Acela and Northeast Regional achieved operating profit in 2006 and have maintained it ever since.
Congress and President Obama invested $13 billion in economic recovery funds on Amtrak and other HSR projects nationwide. In Washington-NYC segment, Acela added stops at BWI Airport, Trenton and Metropark to attract more patrons. Now, the best Acela travel time is 2 Hours 49 minutes. Northeast Regional takes 30-40 minutes longer. Passengers arrive in the CBDs of Washington, Baltimore, Wilmington, Philadelphia, Trenton, Newark and New York City, so there is no long taxi or Uber/Lyft ride to CBDs. Many Acela business patrons Day Trip between their CBDs via 6am-9am departures and catch 4pm-7:00pm return trains.
Since Acela and Northeast Regional represent time saving, productivity, comfort and reliability advantages over flying, twice as many people ride trains than fly between Washington and NYC. In 2018, Acela and Northeast Regional achieved 12 million annual ridership. Commuter rail patronage in Maryland, Delaware, Pennsylvania, New Jersey, New York, Connecticut, Rhode Island and Massachusetts has also blossomed since 2000.
More Acela Progress Coming
Before leaving office, President Obama (VP Biden, an ardent Amtrak rider) convinced Congress funded a number of Northeast Corridor upgrades, highlighted by 24 miles of straight high speed track between New Brunswick and Trenton. Current Acela trains are re-certified to run at 160 mph in that stretch of new high speed-only track, when it opens in 2020. Speed and capacity improvements also complete in 31 miles of Washington-Baltimore segment and 6 miles of Wilmington-Newark, DE segment by 2021.
President Obama and Congress also funded high speed trains being built in America by Alstom, the French company renown for building TGV trains. Over 2021-22, Avelia Liberty trains will replace all current Acela trains and run at 186 mph on those 24 new HSR miles. Avelia Liberty trains will tilt better to take mild curves 10-12 mph faster.
More train frequency and capacity are coming too. Acela will have enough Avelia Liberty trainsets for 30-minute Peak service between NYC and Washington. The Acela version of Avelia Liberty trains will have 9 cabins, with expansion capability to 12 cabins — the latter is equivalent to capacity of two 747 jets.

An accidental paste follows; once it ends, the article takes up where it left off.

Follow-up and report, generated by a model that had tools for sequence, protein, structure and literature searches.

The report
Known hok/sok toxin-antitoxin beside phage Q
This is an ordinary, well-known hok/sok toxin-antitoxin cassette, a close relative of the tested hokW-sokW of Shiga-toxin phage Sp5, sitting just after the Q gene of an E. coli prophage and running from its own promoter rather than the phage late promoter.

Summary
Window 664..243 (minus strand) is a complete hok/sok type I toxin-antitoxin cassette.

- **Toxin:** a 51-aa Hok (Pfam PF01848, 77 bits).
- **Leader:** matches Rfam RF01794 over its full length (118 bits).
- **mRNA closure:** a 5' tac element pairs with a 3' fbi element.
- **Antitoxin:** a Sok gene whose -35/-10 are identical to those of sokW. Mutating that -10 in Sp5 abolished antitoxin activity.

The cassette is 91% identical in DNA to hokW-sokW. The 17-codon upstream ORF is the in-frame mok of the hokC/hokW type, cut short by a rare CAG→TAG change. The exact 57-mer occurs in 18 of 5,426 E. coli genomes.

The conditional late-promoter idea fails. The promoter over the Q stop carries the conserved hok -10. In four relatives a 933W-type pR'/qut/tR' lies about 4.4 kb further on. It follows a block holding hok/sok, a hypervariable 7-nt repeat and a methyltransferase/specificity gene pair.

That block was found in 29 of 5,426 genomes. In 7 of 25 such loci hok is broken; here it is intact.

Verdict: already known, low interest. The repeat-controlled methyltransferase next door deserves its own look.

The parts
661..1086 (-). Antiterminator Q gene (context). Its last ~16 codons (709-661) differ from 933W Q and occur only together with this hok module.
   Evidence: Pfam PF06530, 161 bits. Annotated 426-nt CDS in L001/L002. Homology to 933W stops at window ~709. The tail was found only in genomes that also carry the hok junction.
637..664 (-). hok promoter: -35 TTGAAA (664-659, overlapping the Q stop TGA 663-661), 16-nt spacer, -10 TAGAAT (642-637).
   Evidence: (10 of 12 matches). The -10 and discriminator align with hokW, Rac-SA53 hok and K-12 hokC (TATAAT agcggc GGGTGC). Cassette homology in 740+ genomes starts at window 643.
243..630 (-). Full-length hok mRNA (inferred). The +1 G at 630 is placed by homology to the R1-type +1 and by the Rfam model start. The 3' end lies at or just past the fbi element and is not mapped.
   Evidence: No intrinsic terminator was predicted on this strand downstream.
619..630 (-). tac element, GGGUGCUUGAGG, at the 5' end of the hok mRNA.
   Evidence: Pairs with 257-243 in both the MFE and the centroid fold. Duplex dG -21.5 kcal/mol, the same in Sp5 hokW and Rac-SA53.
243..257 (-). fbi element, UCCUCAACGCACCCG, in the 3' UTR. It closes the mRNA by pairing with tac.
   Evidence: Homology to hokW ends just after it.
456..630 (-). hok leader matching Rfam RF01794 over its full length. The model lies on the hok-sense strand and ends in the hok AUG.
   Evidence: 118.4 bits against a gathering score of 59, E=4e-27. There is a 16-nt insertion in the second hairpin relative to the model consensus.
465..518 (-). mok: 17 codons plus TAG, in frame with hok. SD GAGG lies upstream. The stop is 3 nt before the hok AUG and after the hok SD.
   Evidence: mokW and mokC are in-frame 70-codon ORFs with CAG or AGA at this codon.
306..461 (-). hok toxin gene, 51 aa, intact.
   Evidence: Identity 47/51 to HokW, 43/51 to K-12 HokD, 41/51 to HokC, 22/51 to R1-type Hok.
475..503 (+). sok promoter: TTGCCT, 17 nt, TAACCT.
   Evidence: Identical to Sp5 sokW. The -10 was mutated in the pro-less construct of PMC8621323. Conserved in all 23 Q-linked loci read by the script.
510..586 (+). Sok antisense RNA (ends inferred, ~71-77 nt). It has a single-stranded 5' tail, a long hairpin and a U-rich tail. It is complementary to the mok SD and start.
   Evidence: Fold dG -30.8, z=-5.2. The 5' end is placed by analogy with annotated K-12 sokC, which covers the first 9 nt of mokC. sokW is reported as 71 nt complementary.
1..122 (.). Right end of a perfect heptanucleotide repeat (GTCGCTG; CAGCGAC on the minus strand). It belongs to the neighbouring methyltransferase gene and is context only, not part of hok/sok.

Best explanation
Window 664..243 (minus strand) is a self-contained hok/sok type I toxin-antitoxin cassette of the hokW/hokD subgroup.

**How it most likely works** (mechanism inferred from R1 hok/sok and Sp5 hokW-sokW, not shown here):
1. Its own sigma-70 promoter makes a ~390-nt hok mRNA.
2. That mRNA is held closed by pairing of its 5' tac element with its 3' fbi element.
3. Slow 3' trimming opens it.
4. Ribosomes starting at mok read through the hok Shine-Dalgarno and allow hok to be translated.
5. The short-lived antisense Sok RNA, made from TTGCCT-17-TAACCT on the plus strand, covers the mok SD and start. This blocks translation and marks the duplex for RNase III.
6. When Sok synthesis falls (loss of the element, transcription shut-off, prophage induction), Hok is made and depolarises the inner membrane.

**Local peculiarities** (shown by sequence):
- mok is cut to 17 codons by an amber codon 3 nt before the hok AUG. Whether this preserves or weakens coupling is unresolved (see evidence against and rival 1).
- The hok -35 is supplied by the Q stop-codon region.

Increasing HSR and commuter rail demand is also driving capacity and amenity enhancement to NYC Penn Station/Moynahan Train Hall complex, Philadelphia 30th Street Station, Boston South Station, Baltimore Penn Station and Washington Union Station.
Over 2020-24, Amtrak has prioritized $32 billion of tunnel, bridge, track, electrical, signal and station upgrades in the Northeast Corridor. Amtrak, state, local and private sources are committing to fund 58% of it, while the current USDOT has only committed to fund 12%. Amtrak and its state partners have completed or nearly completed environmental clearances for another $13 billion of infrastructure work. Since major bridges and tunnels are involved, even if the 2021 Congress and President authorize USDOT to fund it, that work may not complete by 2035. Until then, customer service reps like Ricarda Burrell may have to come to the rescue.
In closing, the 56 million-resident Northeast Corridor needs Presidents and Congress to step up for passenger capacity twice that of today, plus these attractive features:
226-mile Washington-NYC Segment
• 110-186 mph away from stations
• 113 mph average speed for 2 Hour Travel Time
• 15 minute Peak & 30 minute Off-Peak service
• 96-97% on-time HSR performance
• Upgraded commuter rail and freight rail service
231-mile Boston-NYC Segment
• 70-150 mph away from stations
• 82 mph average speed for 2 Hour 45 minute Travel Time
• 30 minute Peak & 50 minute Off-Peak service
• 90-91% on-time HSR performance
• Upgraded commuter rail and freight rail service
More state DOTs are recognizing that Pittsburgh-Harrisburg-Philadelphia, Niagara Falls-Buffalo-Albany-NYC, NYC-Albany-Plattsburg-Montreal, Springfield-Hartford-New Haven-NYC, Washington-Richmond-Raleigh need to be developed into 125 mph Amtrak corridors with frequent service feeding Northeast Corridor stations.
For more insights on the challenges and progress towards HSR across America, see Interstate High Speed Rail, Part 1.